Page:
The most interesting thing about Ikat Jasmine is its name. Ikat is an elaborate resist-dyeing and weaving technique in which rather than dyeing the finished, woven fabric - the individual threads or bundles of yarn are tightly tied or resistance-treated before being dipped in the dye, and only then woven into elaborate patterns that (unlike printing a pattern) are visible on both sides of the fabrics. This is an ancient technique that is labour-intensive and requires both skill and artistry. It is extremely difficult to create accurate patterns with the pre-dyed yarn, especially when trying to create elaborate designs with multiple colours. Therefore there is always a blurry quality to it - which adds to its charm and character. Ikat fabrics made with finer threads (such as silk) and several colours require an expert weaver, and usually are more accurate and costly. In many of the cultures where Ikat is produced, the fabric is considered to possess magical powers, endow its wearer with good luck, or at least be a symbol of status.
The technique can be found among specific weaving traditions, all over the world: Central Asia, Southeast Asia, India, Japan, Africa and the Andes indigenous people of South America. Most of these cultures use either a warp or weft ikat; while only very specific locations produce the even more elaborate double ikat, in which both the warp AND the weft are resist-dyed, for example: India (Pochampally Saree from the Bhoodan Pochampally village in Telengana State; and Puttakapa Saree from the Puttakapa village in Andhra Pradesh). The Balinese village Tengan (Indonesia) produces the beautiful geringsing; and in Okinawa, Japan (where it is called tate-yoko gasuri). In Okinawa there is an additional uniquely Japanese ikat technique called Oshima, which is used for stiff fabric and is so labour intense it is reserved for royalty).
Reading up about it was probably the best thing that came out of this short-lived perfume experience. I now have an even greater appreciation for the art of weaving. But also am more disappointed of this perfume, whose only connection to its name is its blurry, nondescript quality. However, while the blurriness of an ikat fabric shows its handmade origin and gives it a one-of-a-kind value - Ikat Jasmine perfume smells impersonal, industrial, synthetic and showcases neither jasmine nor ikat-like craftsmanship in its design and execution. To begin with, its only resemblance to jasmine is to star jasmine, which is not a true jasmine at all. In other words - there is no indole and no other dirty secrets to discover. In addition, there are absolutely no fun surprises of twists-of-plot for this number. From a nondescript floral frolic it smoothly and stretches into a yawn-inducing musky-ambery vagueness. To be fair, it is a pretty and wearable whitish floral ambery-musky thing, and all in all not bad if you place it next to, say, Halle Berry Exotic Jasmine. But compare it to what true jasmine absolute smells like or one of the more successful renditions of the theme (Jasmin de Nuit, Jasmine Rouge and A La Nuit), not to mention something a tad more imaginative such as Alien - it hardly demands mentioning.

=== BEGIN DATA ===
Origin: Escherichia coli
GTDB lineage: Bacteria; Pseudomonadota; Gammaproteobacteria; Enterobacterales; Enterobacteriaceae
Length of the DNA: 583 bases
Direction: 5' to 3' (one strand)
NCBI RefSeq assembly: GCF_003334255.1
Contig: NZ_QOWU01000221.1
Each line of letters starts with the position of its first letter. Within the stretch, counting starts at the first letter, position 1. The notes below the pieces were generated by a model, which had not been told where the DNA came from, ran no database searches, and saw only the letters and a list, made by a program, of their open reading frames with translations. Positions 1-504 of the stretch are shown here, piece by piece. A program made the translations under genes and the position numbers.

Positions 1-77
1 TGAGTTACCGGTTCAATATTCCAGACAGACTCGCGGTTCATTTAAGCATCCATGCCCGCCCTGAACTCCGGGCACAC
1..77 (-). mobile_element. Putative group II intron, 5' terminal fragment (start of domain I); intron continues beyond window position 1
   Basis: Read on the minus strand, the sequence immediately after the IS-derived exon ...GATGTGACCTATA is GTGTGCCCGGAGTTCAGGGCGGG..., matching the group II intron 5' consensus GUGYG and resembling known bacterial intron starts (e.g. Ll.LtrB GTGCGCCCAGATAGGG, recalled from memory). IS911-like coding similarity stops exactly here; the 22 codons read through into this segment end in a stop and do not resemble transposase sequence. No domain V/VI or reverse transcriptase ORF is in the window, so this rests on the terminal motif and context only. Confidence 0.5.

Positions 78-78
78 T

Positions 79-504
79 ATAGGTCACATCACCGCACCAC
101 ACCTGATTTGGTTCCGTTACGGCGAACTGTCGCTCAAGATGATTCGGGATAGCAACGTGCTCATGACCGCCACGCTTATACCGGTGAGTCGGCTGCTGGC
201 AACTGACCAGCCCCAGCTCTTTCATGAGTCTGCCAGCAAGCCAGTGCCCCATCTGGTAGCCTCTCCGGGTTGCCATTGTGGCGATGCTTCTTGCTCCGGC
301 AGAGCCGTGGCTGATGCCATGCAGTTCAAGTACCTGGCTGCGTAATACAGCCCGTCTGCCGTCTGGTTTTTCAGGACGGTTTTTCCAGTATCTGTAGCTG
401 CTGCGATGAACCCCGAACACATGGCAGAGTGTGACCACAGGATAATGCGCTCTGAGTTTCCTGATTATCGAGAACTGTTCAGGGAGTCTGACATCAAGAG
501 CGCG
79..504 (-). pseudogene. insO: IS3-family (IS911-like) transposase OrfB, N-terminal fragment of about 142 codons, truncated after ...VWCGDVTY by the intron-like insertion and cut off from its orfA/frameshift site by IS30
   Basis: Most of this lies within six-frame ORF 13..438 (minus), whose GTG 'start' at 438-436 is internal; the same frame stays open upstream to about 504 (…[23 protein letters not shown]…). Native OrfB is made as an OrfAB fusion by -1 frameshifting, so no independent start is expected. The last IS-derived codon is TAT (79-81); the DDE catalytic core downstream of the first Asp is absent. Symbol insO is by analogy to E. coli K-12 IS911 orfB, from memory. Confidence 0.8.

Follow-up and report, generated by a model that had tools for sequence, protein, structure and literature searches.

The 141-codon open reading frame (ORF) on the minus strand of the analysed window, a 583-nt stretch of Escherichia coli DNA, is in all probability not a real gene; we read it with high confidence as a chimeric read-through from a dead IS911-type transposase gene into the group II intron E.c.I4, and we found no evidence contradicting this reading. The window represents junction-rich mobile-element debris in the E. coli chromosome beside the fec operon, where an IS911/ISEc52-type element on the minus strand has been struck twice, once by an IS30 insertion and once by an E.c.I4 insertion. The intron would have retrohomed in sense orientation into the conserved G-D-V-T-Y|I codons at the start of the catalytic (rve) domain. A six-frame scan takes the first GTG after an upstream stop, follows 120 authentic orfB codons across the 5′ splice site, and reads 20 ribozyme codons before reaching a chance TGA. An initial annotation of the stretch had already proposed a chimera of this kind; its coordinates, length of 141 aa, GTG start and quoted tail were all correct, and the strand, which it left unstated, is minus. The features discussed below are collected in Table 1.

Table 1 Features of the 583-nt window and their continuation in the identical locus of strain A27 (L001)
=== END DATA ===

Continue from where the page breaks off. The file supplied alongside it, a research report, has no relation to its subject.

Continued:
Another point of reference is the price: for $125 CAD plus tax, you can do better than that: Either save yourself $26 and get Pure Poison, which is basically the same thing (minus pretending it's a high quality jasmine fragrance) add $25 more and get A La Nuit by Serge Lutens, both available at Sephora on Robson Street (for some reason they don't have the Serge Lutens on their website). To be fair, though, it is so much better than California Star Jasmine by Pacifica. Like, 100 times better. But that says more about Pacifica's disappointing launch rather than the topic of this blog post.
The notes are supposedly Tuberose Fleur, Jasmine Sambac, Jasmine Egypt Infusion, Honeysuckle, Tuberose Infusion. What my nose is smelling is Star jasmine, orange blossom, white musk and a hint of powdery, sheer amber.